Enough About PowerPoint: Rethinking Slides For Student-Centered Learning

The world has enough PowerPoints, and it doesn't need any more. I've been contemplating these ideas since first hearing them from Alan November.

Instead of having students make new slide presentations, he suggests making the lesson about using the Internet to find a good one. This is all part of his position on how critical thinking must be taught in the context of searching the web.

Although searching for ready-made slide presentations is an activity with a lot of potential, we can go straight to an à la carte approach with Google Images. Since sites like Slide Share started using clipper tools, I've noticed a lot of individual slides showing up in image searches.

This approach to presentation making provides several opportunities for critical thinking and tech skills. Students learn how to handle image files – a crucial skill for business and lifestyle media sharing – and practice framing searches and evaluating the results.

We used Verso App to upload and discuss the slides before working in groups to decide which images to contribute to the final presentation. Verso provides a safe place for learners to participate in discussions. Anonymity among the students is maintained, while providing the user identities to the teacher.

Here's what we did.

1. Upload Images 

In this activity, students were looking for images that related to the causes and effects of the Spanish-American War. Some found summary slides, while others searched for specific causes and effects. These included political cartoons and headlines for yellow journalism and the USS Maine wreckage photo, to name a few.

Verso has an upload option for responses. I know that this step may seem like extra work, but the first two steps with Verso allow for the deeper thinking in this activity. Take it away, and we're back to making PowerPoints for the sake of it and missing out on critical thinking that our kids need to develop.

2. Discussion

Students commented by guessing which event the image represents. If students agreed with a comment already written, they liked the comment. While they commented and liked the correct ones, I reviewed their work and paused to reinforce expectations face-to-face as needed.

The way I designed this step lends to skills that support responsible use of social media. We could add an argument piece by instructing students to provide evidence as to why the image is a particular event. I would add something like that if the final product were a thesis statement or summary paragraph.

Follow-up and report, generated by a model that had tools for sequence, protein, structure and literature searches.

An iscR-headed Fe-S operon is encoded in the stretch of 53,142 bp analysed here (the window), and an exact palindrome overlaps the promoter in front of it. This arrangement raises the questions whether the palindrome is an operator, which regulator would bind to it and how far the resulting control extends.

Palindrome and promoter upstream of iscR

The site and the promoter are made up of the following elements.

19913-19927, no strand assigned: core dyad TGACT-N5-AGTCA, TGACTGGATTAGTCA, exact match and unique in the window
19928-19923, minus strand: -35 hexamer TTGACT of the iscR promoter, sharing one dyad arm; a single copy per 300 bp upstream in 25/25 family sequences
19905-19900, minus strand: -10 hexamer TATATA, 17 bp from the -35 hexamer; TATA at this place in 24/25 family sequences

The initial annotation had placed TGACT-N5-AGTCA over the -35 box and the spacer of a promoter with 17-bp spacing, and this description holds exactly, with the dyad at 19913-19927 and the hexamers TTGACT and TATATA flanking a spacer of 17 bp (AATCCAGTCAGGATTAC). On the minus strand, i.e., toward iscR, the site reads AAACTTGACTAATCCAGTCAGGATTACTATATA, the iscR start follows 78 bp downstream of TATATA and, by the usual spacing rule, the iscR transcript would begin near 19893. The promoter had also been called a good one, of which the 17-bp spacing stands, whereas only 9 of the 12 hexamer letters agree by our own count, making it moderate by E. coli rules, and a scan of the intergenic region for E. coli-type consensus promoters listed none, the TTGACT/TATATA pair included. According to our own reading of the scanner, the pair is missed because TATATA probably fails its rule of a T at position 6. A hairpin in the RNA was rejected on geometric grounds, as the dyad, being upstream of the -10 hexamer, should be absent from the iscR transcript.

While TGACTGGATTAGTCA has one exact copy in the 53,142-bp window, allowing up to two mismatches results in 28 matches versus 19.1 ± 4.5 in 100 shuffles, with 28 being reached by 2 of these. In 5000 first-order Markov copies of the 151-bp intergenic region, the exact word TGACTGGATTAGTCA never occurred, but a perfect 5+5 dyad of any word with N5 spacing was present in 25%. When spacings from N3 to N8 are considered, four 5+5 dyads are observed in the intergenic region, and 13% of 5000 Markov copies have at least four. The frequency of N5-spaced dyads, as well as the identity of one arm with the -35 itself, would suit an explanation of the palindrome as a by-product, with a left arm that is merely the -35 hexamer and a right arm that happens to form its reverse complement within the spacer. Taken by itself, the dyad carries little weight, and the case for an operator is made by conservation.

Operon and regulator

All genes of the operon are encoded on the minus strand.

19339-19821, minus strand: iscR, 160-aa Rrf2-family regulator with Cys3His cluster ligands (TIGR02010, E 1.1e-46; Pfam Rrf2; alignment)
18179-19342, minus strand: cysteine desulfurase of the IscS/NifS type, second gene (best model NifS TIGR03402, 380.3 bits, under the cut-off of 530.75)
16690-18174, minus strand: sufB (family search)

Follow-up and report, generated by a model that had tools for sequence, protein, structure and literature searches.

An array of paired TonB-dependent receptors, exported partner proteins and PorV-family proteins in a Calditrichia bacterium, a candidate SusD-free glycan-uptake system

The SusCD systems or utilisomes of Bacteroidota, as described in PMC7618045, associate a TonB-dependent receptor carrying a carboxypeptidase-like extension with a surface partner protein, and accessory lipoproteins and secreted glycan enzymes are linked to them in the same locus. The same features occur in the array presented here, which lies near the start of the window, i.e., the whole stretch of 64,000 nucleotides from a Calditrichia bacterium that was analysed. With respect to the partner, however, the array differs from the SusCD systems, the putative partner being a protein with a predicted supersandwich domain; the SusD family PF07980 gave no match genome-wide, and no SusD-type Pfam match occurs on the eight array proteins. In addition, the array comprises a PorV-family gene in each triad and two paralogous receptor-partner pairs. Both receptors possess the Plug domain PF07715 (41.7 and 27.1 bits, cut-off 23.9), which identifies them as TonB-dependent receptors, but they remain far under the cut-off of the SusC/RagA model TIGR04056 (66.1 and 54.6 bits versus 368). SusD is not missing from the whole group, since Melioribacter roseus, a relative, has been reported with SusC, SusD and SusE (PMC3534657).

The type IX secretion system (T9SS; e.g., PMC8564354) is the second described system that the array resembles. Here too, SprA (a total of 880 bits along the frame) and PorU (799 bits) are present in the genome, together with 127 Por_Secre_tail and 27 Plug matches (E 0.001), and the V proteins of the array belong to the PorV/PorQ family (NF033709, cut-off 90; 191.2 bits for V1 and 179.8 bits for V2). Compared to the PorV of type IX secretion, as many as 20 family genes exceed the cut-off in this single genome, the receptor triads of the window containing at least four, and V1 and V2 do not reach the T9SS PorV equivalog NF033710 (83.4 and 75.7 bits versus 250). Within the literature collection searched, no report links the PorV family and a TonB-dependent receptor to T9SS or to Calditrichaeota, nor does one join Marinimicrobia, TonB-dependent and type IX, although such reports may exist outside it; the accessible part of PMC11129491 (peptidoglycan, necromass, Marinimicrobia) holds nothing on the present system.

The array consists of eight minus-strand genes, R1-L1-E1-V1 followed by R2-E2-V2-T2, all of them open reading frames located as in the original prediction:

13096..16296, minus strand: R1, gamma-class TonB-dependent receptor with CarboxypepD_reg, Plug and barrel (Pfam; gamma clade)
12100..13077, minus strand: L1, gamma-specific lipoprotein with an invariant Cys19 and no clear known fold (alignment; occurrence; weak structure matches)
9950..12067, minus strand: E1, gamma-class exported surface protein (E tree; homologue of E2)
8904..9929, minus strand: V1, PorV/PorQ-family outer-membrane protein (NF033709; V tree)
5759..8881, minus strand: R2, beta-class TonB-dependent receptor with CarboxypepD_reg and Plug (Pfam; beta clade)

3. Contribute Slides

We organized into groups to determine which images should be added to the Google Drive folder, which had editing permissions for every student. This was a simple step in the process, but I thought it was important to get their heads out of the screens for a bit to talk it out face-to-face. 

4. Final Edits

As a class, we decided what stays and what goes. I labeled the images based on cause, effect, or trash. Then, we deleted all the trash images and were left with the final cut. Movement could be added to this step by instructing your students to do a total body response – one side of the room is cause, the other is effect, etc.

This step was a nice formative assessment and repeated review. At this point, my students know the causes and effects because they had dealt with them in so many ways that make thinking visible. 

5. Make a Presentation

If you haven't checked out extensions by Alice Keeler and Matt Miller, put it on your list. Drive Slides is the name of the one we used to make the slide presentation. It automatically makes a Google Slides document with each image in the Drive folder on a separate slide.

Before I learned about this extension, my students added images to Drive folders for a variety of reasons. The automatic slide presentation that the Drive image viewer makes was good enough. Drive Slides opens this learning routine up to so many more possibilities. Most importantly, it saves a lot of time.

6. Summarize

Students worked in groups to summarize the issue presented on the slide. They wrote in the presenter notes, and the slides were printed as a PDF with notes included (image below). In this way, Google Slides is an e-book creator, a flashcard maker, or anything that surfaces when you think beyond the slide presentation as a final product.

7. Reflect 

We use a routine set of questions for reflection. The goal with these questions is to practice metacognitive skills. Without this step, the lesson becomes less "sticky."
  1. What did you do?
  2. What challenges did you face, and did you overcome them?
  3. What did you learn?
  4. How can you use what you've learned beyond this class?